WEDDING TRADITIONS Customs evolved from practical and romantic gestures



Sometimes a single event or a common practice provided the basis for what is now the nuptial norm.
SCRIPPS HOWARD
In days of yore, betrothed couples began the traditions that brides and grooms carry on today.
Ever wonder why brides toss their bouquets? Or why it is important that the bride wear something blue?
To cure your curiosity, here are a few hows, whys and wheres of wedding traditions from the editors of Home & amp; Garden Television:
UTradition has it that Maximilian of Austria was in a sweat over how to propose to his chosen lady. With some advice from a counselor, Max slipped a diamond engagement ring onto the left hand, third finger of Mary of Burgundy, thus starting a trend that's lasted more than 500 years.
UWhy a diamond? The ancient Greeks called the diamond the "Venus stone" because, they said, it shone like the planet Venus. Associating the stone with the goddess of love, the ancients compared the stone's inner flare with that of the "inner fire" of passion. The Greeks also called the stone "adamas," meaning eternal or unchanging, a characteristic of the diamond's nature of being the hardest natural substance on earth.
UThe engagement ring and wedding band are traditionally worn on the third finger on the left hand under a belief that a vein ran from that finger directly to the heart.
UBridal showers today give the bride's friends and family the opportunity to help the couple start a home. In an older age in Holland, a father would often refuse to contribute to his daughter's wedding dowry if he disapproved of her suitor. Nearby villagers would "shower" the bride with gifts to compensate for her father's lack of giving.
UOriginating in England, "something old, something new, something borrowed, something blue" is almost as traditional a phrase as "I do." "Something old" symbolizes the bride's tie to her family and her previous way of living. Often family heirlooms, these items represent the transition into the bride's married life while not forgetting the one she had. "Something new" represents prosperity in the bride's new marriage. "Something borrowed" is used to remind the bride that she has friends and family at her side when she needs help or advice. "Something blue" symbolizes faithfulness and loyalty.
UThe idea of the bachelor party roots a little deeper than the concept of a few guys hosting the groom's last hoorah before he weds. Originally called the bachelor dinner or stag party, this tradition began in Sparta in the fifth century. Military comrades would feast and toast a groom on the eve before a friend's wedding. Today, the bachelor party usually is held close to the wedding date.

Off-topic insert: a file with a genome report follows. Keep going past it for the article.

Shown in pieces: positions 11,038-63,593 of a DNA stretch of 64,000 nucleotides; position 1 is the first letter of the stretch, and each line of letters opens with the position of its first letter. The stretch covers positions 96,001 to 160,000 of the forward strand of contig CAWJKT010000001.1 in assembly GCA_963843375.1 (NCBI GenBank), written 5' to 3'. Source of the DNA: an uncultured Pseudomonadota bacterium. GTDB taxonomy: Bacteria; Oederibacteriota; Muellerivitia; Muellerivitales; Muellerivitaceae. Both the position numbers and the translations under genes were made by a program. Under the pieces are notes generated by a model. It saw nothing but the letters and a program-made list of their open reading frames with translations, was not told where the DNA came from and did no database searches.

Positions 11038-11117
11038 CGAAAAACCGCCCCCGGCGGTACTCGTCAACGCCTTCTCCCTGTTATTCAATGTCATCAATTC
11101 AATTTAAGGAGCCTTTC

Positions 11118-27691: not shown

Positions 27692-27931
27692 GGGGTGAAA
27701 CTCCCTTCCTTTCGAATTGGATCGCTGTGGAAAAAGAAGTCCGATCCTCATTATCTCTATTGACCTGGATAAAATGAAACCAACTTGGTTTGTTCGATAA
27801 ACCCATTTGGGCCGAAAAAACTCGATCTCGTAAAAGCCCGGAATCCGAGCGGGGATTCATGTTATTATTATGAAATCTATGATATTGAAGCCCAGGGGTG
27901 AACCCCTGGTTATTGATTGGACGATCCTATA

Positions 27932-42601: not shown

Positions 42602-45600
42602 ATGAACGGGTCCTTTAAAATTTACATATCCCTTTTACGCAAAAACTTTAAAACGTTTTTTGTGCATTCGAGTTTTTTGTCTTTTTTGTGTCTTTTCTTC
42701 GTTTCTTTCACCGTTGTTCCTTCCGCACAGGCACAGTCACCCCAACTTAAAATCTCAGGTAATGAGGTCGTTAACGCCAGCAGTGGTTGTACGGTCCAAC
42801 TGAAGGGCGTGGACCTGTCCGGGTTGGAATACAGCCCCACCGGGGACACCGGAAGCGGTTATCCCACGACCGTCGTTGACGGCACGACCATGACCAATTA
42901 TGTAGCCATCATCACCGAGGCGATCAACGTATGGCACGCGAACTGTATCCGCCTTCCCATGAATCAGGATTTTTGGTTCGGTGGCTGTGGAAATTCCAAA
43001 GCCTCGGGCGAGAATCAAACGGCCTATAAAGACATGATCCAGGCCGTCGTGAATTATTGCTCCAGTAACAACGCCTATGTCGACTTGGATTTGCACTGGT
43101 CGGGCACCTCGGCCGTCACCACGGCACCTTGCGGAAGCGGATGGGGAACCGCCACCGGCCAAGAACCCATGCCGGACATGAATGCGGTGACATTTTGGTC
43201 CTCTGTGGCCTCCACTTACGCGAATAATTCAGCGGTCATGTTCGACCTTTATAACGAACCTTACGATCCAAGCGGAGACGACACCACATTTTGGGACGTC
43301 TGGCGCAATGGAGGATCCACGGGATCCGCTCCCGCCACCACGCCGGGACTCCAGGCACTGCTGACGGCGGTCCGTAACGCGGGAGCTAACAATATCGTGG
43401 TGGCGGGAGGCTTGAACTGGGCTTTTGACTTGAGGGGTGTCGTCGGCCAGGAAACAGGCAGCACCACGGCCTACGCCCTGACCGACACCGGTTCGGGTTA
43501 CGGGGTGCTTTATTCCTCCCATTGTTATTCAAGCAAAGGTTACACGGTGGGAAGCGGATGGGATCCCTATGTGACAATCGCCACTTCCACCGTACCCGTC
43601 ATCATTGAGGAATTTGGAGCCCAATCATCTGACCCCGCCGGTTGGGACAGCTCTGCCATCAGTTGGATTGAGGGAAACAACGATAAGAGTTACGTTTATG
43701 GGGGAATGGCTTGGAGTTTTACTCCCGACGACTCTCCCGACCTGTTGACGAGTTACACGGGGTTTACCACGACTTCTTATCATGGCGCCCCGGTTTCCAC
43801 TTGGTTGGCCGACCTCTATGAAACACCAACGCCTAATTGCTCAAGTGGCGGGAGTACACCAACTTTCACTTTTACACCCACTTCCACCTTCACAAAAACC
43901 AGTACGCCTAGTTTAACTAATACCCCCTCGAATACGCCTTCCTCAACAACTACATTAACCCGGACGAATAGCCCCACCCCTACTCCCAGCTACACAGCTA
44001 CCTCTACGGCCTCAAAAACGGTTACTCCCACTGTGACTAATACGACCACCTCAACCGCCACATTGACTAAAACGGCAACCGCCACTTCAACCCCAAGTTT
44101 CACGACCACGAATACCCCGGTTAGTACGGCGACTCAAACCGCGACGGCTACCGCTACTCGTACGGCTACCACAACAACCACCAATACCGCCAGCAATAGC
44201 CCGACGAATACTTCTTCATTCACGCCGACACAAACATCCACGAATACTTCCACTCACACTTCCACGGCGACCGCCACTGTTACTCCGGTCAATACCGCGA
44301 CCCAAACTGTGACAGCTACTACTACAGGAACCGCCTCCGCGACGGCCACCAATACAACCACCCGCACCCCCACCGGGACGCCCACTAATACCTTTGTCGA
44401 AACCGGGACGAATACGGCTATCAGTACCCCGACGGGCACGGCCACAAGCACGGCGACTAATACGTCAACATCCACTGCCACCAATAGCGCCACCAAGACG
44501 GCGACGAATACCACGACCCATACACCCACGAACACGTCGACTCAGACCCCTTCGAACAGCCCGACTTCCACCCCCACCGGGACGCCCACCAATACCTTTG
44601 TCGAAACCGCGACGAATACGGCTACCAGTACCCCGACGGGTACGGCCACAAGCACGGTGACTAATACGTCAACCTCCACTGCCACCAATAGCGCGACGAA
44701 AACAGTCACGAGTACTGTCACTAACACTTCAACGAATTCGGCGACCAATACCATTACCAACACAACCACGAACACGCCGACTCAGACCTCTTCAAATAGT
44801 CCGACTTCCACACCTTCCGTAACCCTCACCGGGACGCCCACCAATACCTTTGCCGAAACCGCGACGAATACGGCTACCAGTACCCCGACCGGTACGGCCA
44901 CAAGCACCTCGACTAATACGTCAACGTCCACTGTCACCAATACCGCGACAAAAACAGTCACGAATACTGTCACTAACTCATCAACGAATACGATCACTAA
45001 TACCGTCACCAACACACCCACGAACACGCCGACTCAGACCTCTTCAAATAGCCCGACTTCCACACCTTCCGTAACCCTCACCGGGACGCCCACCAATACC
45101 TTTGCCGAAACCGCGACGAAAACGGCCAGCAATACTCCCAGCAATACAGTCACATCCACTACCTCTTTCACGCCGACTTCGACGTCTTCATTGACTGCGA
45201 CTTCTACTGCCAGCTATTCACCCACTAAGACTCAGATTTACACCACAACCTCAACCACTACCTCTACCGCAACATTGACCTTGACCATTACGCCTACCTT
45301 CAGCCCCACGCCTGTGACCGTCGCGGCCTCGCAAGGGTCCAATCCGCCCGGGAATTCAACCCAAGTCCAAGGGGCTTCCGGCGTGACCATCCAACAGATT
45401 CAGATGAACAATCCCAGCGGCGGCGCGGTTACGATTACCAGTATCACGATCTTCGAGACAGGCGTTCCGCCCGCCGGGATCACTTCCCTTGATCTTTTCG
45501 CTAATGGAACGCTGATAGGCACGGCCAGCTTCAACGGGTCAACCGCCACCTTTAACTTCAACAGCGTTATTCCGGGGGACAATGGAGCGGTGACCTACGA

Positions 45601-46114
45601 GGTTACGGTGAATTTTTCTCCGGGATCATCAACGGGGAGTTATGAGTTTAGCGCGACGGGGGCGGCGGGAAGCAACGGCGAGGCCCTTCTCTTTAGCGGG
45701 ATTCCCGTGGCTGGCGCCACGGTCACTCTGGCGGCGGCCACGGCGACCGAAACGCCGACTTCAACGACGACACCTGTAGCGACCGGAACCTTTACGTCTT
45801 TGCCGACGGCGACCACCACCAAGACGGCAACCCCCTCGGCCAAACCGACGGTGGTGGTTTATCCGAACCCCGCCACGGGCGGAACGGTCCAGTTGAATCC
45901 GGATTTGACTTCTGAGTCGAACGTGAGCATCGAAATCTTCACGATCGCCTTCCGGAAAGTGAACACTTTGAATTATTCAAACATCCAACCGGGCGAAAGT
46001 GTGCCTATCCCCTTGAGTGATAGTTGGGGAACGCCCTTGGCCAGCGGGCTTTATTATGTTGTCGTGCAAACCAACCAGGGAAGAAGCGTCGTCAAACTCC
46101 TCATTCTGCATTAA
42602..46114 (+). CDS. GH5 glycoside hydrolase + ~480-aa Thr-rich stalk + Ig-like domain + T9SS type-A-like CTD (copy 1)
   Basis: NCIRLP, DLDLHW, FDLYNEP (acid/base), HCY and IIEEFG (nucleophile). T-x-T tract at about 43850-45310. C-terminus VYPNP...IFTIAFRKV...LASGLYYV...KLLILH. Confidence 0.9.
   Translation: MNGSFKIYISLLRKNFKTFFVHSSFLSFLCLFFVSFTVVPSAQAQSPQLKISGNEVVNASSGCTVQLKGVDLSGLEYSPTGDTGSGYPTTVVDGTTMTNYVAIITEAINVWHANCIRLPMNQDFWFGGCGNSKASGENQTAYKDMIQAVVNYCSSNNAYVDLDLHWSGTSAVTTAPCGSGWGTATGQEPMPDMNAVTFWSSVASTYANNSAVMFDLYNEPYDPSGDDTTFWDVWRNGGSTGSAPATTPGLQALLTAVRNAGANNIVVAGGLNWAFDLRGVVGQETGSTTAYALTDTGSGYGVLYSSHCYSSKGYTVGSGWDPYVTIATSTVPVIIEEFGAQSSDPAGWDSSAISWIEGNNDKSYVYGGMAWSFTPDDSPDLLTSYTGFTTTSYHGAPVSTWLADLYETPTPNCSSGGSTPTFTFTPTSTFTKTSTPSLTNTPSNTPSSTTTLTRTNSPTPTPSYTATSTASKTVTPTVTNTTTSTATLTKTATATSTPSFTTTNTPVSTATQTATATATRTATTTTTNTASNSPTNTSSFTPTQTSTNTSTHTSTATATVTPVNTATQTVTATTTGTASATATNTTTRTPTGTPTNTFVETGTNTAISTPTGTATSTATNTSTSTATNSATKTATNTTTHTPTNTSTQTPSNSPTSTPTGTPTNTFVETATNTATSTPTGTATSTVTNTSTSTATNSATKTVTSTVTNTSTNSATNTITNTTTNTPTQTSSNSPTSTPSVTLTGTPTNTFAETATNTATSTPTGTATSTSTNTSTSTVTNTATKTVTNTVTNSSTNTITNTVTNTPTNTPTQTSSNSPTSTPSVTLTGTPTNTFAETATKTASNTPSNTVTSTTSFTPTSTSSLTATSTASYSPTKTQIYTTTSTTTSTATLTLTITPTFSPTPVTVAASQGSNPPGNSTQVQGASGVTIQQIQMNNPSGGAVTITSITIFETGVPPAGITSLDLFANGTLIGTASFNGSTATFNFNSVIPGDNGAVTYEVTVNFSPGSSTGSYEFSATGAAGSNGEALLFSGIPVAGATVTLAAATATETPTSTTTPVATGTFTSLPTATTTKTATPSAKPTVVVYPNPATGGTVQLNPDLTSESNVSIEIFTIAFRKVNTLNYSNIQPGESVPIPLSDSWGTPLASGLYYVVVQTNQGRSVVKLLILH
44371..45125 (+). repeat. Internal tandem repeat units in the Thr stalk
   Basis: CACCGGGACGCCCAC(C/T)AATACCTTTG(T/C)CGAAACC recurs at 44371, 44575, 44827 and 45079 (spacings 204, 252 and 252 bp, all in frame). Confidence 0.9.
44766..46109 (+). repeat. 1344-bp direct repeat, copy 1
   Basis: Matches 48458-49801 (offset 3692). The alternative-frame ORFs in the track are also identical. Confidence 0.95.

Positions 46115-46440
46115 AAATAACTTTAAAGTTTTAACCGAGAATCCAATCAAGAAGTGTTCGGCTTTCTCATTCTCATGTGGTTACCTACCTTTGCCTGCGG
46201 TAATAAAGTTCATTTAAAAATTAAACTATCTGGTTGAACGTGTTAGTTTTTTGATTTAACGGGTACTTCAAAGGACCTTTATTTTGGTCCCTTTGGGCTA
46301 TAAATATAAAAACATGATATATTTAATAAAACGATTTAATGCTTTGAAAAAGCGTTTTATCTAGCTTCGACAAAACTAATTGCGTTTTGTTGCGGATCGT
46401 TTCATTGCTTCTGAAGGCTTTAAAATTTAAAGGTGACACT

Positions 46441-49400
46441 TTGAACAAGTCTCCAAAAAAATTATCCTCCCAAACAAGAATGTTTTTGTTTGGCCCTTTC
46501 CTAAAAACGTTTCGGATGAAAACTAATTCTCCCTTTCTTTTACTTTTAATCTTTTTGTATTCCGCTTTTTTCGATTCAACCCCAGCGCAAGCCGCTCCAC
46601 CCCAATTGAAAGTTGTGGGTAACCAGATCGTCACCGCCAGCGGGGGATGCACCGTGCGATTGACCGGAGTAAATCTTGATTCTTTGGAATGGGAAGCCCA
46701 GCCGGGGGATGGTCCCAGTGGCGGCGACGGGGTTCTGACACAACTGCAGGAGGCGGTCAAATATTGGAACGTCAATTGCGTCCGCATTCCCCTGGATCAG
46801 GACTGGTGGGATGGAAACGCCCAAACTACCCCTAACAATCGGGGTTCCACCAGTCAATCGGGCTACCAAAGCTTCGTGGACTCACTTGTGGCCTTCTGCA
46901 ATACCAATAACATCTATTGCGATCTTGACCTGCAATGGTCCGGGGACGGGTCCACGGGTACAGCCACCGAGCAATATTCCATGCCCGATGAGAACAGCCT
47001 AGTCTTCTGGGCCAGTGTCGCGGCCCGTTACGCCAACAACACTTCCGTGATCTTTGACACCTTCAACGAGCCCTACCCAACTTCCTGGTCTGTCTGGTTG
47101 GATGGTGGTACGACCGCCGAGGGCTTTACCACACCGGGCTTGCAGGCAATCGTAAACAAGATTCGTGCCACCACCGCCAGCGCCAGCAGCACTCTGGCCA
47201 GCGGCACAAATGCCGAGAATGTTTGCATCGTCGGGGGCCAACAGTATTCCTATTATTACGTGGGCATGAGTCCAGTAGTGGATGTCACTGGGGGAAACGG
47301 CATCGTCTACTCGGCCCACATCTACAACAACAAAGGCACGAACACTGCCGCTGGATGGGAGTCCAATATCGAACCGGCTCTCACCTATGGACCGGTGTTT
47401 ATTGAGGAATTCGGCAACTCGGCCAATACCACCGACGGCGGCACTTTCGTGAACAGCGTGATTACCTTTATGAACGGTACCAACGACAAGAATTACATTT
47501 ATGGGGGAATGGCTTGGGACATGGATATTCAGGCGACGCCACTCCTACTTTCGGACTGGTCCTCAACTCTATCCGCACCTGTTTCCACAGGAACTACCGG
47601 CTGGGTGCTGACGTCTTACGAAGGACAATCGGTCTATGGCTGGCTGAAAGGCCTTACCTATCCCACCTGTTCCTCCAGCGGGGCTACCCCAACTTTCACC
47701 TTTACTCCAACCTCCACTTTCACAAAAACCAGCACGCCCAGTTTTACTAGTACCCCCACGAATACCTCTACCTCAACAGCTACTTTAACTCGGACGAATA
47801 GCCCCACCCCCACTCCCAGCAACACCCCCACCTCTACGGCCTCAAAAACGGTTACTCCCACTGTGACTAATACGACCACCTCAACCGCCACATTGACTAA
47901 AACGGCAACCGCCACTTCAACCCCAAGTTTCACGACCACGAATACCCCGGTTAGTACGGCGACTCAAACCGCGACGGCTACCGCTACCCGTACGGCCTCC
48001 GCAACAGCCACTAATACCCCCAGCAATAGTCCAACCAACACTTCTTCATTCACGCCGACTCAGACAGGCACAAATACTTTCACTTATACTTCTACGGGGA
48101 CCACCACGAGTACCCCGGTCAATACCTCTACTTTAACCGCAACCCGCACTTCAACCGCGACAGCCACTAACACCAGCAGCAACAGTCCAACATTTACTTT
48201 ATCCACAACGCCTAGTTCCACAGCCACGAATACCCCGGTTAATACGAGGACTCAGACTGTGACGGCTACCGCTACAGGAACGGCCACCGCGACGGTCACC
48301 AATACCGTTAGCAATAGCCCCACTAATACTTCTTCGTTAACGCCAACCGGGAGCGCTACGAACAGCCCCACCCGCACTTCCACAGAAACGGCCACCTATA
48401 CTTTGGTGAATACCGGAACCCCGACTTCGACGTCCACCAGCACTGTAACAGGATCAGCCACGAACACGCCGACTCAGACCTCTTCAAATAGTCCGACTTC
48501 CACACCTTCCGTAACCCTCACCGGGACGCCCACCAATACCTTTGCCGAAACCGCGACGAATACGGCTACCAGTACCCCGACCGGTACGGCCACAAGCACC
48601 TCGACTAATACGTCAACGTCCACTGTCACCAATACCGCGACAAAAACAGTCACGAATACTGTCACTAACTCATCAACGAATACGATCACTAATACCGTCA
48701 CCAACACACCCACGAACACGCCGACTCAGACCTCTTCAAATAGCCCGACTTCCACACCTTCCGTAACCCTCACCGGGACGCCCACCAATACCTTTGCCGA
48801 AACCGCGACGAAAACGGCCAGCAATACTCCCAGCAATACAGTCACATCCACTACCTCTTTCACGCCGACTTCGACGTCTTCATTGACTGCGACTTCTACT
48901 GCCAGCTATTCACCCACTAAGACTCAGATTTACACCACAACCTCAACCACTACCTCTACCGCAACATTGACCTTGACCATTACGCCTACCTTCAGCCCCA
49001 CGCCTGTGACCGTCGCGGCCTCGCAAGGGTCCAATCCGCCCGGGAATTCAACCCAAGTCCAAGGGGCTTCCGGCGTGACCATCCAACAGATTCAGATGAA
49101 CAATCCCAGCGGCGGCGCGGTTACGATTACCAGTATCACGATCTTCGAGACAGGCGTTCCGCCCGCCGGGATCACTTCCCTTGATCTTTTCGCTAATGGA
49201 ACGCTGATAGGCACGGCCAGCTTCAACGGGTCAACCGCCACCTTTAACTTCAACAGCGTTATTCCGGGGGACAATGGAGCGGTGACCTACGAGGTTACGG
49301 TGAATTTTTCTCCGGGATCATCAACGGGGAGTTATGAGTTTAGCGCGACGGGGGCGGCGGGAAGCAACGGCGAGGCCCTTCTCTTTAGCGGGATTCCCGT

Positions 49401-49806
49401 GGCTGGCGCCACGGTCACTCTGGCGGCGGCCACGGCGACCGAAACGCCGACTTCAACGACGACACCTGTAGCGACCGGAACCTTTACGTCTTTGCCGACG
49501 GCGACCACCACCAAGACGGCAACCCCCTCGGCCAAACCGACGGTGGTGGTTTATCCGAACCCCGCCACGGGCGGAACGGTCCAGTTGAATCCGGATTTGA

UThe wedding party traditionally came about as a means of support and protection. Since our primitive ancestors came together in tribes to promote protection and survival rather than mere companionship, the tribes often forbade intertribal marriages. Some historians believe the first marriages may have been group marriages to the tribe rather than to any one person. Tribal rivalry soon provoked men from some tribes to capture women from other tribes to make wives of them. Thus the first groomsmen were usually small armies standing with the groom at the marriage ceremony to protect him and his wife-to-be from the bride's angry family.
UBridesmaids became a tradition much later as weddings became planned events. Their primary role was to assist the bride in dressing for the wedding and decorating for the wedding feast. For a long time, bridesmaids often wore the same dress as the bride while groomsmen dressed similarly to the groom. Today this tradition accomplishes uniformity. But at the time of the first weddings it was a way to rid the wedding site of evil spirits or rival suitors; the wedding party hoped the unwelcome visitors wouldn't be able to tell which two people were the real bride and groom.
USince prebiblical times, veils have been worn in many cultures as a symbol of the bride's purity and modesty. However, legend has it that the lace veil was inspired by Nelly Curtis, George Washington's adopted daughter. It is said that when Nelly's fiance first saw her, she was standing behind lace curtains. Wishing to re-create that moment, she made her veil from lace.
UTossing the garter and bridal bouquet isn't just a way of relieving the bride of poor leg circulation and bad allergies. Today it indicates that the gentleman who catches the garter and the lady who catches the bouquet will be the next to marry. However, in ancient days, wedding guests believed it would bring good luck if they left the wedding celebration with a piece of the bride's attire. Sometimes the tradition became uncontrollable, with wedding guests literally ripping off pieces of the bride's gown. Grooms soon began tossing the garter to protect their brides from the chaos, still offering a piece of luck to male wedding guests. Brides soon began throwing their bouquets as gifts of luck for female wedding guests.
UThe honeymoon now often gives the bride and groom a chance to perfect snow skiing or scuba diving skills, but at one time it involved much more. After the wedding, the groom would take his bride to a secluded place for a month, or a full lunar cycle. During that time, the couple would drink mead, a honeyed wine meant to enhance the newlyweds' marriage.

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